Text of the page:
Fig. 1 also shows presence of outliers - datapoints of high LSS for the same magnitude of runs as the majority of parent data. What's going on here? When I peer into just these points, I find evidence that high LSS values (13kN/m or greater) can belong in either a high cadence region or a low cadence region. 

The low cadence region 1 consists of high vertical oscillation (VO) and high GCT. The high cadence region 2 consists of low VO and low GCT. After inspecting these subsets of data individually, region 1 was found to correspond with low speed strides I did on the treadmill (for want of some variation in a long run). Region 2 corresponded with high speed, high cadence running. These two regions are shown below in Fig.3.


Fig.3 : Plot showing two regimes where LSS data was found to be greater than 13 kN/m. Region 1 is low SF region with high VO and GCT, while region 2 is high SF region with low VO and GCT.

The fact that leg stiffness is high at high stride frequencies is consistent with literature. I didn't find confirmatory evidence in research for high values of leg stiffness at low step frequencies and high GCT. However, it logically makes sense that one would have to neuromechanically adjust leg stiffness to cushion a higher degree of fall from greater VO. I'll keep looking in future for data within region 1.


LSS and Speed Relationship for Outdoor Runs

I also looked for the relationship of LSS with speed for outdoor runs executed on predominantly paved surfaces. 10,164 datapoints were inspected from the period January 1 - February 9, 2017 and found to show a near monotonic relationship between speed and LSS. The Ryan Joiner test on this dataset rejected the null hypothesis that the data was a random drawing from a normal distribution (.001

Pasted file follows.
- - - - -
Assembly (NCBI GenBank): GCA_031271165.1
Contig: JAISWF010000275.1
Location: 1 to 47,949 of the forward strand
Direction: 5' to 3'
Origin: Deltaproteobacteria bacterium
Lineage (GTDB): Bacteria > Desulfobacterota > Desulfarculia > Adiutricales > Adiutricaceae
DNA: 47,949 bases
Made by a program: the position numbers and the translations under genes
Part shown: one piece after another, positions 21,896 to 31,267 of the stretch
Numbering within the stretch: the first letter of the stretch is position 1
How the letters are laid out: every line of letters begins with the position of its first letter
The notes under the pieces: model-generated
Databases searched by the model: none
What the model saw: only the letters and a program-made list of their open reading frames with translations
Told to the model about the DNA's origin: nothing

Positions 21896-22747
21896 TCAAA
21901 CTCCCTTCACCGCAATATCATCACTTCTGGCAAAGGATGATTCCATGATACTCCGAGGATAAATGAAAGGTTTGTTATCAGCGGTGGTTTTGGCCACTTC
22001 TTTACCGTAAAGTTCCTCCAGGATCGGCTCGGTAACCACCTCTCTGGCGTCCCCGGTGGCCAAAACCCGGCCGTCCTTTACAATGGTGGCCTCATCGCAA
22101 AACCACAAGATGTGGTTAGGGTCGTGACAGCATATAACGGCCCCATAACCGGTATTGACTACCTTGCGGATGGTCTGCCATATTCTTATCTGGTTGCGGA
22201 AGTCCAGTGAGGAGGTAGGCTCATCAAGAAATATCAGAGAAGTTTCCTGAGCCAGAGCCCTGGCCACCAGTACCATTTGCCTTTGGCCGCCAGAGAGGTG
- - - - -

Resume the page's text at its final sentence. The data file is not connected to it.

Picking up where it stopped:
Fig.4 : Scatter plot of Stryd measured LSS vs running speed for outdoor runs. Sample frequency = 0.5 Hz. This dataset includes a run done at -4 deg C ambient temperature when the running surface author encountered was covered with thin ice.

A negative correlation co-efficient was somewhat puzzling to me. I have to point out that 2,347 of these datapoints in the sample corresponded to a run done in the UK when ambient temperature was minus 4 degree C. There was still icy frost on the ground. During this run, I was trying consciously to stay upright and not slip on an unlit running path besides the Thames river at 6 in the morning. Neuromechanically, this might mean I could have changed leg stiffness to maintain center of gravity. That leg stiffnesses are adjusted by human runners based on type of running surface was shown by Farley et.al.